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A group of Cuban high school students share audiovisual content through a cell phone. (14ymedio)

Elías Amor Bravo, 3 January 2018 — Cuba’s restrictions on internet access are an example of the types of controls the regime imposes on the population. On 28 December, however, it was announced that in 2018 the island’s inhabitants were expected to have access from their cell phones, something that thus far has not been the case. Good news, no doubt.

Many wonder how, in an era of telecommunications and social networks, it is possible to survive given such backwardness. But the reality is that in Cuba internet access is through satellite, which not only means not only higher service costs but also limitations on its effective development. Alternatives such as the undersea cable that exists around the island are not enough to increase capacity. In the end everything depends on policy decisions by the regime that would allow free use of the internet for all Cubans, a right that continues to be restricted.

Cubans have certainly shown a special interest in anything having to do with web communication and internet access. Authorities have provided figures on the use of social networks in Cuba and, as of July 2017, the regime claims a growth in social network usage of 346%, though obviously this is starting from very low levels that are not seen in other countries. These figures only make sense after taking into account the fact that almost two million Cubans live overseas and many maintain contact with their families on the island.

The state-owned Telecommunications Company of Cuba (ETECSA), which has a monopoly internet service on the island, is apparently still preparing to offer mobile internet service in 2018 though it has not provided exact dates or deadlines for service to begin. Commitment to customers: zero.

With respect to mobile telephone service on the island, official figures indicate that 600,000 new mobile lines were activated in 2017, serving 4.5 million Cubans out a total population of about eleven million. Despite these seemingly impressive figures, the reality is that Cuba has one of the lowest levels of connectivity in the world and is almost 10 years behind in its the use of mobile technologies.

As in many other areas of family finance, what explains this backwardness are actions of the regime, which is the only authorized provider, and limitations on accessing the internet at home. Access is currently limited to workplaces, state enterprises, universities and schools. Another factor to consider is the high price of the service, with home internet service costing between 15 and 70 convertible pesos (CUC) per month according to official ETECSA figures. This is a price too high for a country where the average salary is around $ 20 a month, with the CUC being at parity with the dollar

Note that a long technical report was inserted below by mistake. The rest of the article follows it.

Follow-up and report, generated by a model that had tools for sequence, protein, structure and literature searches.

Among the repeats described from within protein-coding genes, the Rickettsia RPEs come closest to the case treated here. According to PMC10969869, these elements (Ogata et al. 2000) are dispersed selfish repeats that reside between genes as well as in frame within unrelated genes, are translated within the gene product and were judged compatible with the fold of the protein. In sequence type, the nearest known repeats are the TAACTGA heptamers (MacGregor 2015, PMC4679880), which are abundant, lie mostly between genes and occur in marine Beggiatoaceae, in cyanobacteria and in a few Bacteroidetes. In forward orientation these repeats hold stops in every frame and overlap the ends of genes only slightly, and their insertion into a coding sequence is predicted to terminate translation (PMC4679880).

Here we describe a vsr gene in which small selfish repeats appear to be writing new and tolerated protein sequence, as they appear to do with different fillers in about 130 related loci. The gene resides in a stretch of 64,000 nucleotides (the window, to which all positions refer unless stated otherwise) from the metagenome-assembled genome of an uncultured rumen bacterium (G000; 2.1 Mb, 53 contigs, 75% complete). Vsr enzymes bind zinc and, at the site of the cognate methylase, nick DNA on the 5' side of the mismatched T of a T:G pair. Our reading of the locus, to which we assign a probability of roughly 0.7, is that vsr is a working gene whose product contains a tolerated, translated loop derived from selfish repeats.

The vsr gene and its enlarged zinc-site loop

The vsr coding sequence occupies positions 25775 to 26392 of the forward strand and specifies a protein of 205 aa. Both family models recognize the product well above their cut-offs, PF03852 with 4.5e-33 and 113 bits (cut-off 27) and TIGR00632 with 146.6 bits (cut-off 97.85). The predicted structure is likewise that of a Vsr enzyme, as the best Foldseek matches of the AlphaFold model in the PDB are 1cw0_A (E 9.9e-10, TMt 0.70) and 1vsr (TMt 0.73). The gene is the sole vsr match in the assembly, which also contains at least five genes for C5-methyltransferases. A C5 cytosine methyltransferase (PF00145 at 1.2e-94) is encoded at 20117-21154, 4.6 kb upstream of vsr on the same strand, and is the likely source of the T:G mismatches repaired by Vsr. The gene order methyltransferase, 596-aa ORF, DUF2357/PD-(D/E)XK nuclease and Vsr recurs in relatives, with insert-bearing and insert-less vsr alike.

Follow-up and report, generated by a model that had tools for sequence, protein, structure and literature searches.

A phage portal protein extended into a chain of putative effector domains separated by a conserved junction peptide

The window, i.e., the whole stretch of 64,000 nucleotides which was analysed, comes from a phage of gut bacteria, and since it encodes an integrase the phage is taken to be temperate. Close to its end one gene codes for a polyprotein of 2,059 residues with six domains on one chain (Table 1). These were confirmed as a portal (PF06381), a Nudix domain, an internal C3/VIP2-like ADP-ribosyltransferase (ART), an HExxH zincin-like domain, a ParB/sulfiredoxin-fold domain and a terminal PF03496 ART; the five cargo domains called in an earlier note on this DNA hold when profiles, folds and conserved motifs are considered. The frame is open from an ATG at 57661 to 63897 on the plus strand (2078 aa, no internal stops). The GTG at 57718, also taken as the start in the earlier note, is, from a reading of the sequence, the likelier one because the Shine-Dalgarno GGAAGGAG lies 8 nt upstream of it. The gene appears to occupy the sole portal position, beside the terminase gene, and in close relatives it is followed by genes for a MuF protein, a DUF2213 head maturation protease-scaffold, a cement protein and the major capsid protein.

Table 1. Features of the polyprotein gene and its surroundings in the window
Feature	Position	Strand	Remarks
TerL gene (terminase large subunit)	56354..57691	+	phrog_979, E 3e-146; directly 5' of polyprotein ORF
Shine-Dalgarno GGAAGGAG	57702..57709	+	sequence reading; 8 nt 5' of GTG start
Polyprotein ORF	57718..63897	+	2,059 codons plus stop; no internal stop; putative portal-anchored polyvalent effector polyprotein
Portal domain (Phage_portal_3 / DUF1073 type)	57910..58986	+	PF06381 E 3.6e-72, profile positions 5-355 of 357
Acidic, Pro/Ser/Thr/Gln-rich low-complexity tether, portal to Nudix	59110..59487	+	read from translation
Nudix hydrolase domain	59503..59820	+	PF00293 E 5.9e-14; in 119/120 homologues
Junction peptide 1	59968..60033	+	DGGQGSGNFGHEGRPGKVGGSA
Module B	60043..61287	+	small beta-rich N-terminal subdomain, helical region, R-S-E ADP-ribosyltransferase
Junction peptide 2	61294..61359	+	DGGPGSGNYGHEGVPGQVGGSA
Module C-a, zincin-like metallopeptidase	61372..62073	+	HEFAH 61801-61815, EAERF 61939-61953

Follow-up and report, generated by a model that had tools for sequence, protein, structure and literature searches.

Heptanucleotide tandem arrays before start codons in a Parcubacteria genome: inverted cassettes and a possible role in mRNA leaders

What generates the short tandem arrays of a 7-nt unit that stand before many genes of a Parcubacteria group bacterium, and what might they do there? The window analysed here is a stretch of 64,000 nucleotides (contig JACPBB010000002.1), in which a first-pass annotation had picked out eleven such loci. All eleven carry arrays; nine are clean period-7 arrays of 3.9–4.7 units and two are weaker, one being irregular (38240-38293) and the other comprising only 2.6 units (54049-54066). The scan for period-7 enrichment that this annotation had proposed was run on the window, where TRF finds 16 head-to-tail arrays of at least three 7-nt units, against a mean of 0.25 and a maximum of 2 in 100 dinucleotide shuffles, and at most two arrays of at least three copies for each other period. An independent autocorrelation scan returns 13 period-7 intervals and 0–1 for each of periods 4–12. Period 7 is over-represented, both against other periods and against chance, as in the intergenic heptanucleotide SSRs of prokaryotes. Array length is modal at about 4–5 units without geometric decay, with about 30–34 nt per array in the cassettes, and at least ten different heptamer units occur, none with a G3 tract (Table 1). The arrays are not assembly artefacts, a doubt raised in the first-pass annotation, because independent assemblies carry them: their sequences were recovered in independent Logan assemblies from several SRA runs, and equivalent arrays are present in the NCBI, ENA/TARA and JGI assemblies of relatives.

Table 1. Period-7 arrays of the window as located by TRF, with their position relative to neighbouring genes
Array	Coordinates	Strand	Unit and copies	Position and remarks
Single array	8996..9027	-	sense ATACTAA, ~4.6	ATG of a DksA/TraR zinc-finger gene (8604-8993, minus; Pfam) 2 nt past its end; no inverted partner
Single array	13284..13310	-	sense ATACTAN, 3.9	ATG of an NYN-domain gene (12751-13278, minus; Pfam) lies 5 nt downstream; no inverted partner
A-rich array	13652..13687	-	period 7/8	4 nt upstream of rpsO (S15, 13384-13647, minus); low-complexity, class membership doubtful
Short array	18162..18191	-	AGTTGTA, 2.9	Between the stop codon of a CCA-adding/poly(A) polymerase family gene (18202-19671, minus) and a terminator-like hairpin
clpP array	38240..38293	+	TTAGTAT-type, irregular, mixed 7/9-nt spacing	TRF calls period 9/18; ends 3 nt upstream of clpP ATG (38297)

Therefore, given the inability to receive internet service at home, Cubans now gather outdoors to use the wireless internet access points in the parks and public thoroughfares, an image that has become emblematic of the population’s desire and need to communicate and obtain information. They have a right to complain.

The internet is undoubtedly one of the challenges facing the generation of Cubans, who hope to take over from the Castro regime after Raúl Castro gives up power next April. And many believe that, as in other undemocratic countries in the world, social protests may begin to emerge in Cuba through platforms such as social networks, mobile communications and home-based internet, which are outside the control of informers and state security of the state, which monitor everything.

The successful modernization of Cuban society — a vital but insufficient condition for the transition to democracy, freedom and the rule of law — may depend on the rise and consolidation of social networks. I do not doubt it. As a result, the regime has laid its cards on the table. It not only openly accepts Cuba’s inexplicable backwardness relative to other countries in the use of the internet, but it keeps costs very high, making it unavailable to a population that day after day struggles to gain access.

Another example of the backwardness of mobile communications in Cuba is the fact that ETECSA is taking advantage of the late arrival of the service to introduce the option of making payments using a mobile phone, an option widely available in many African countries with levels of development much lower than those in Cuba. Characterizing mobile banking as a spectacular step forward to pay for services such as telephone, electricity or water requires Cubans to use the banking system to handle current accounts which they use to deposit their paychecks and pay their bills. Does ETECSA know that the percentage of Cuban workers manage their economic affairs in this way? Let’s hope they find out. It will be a surprise.


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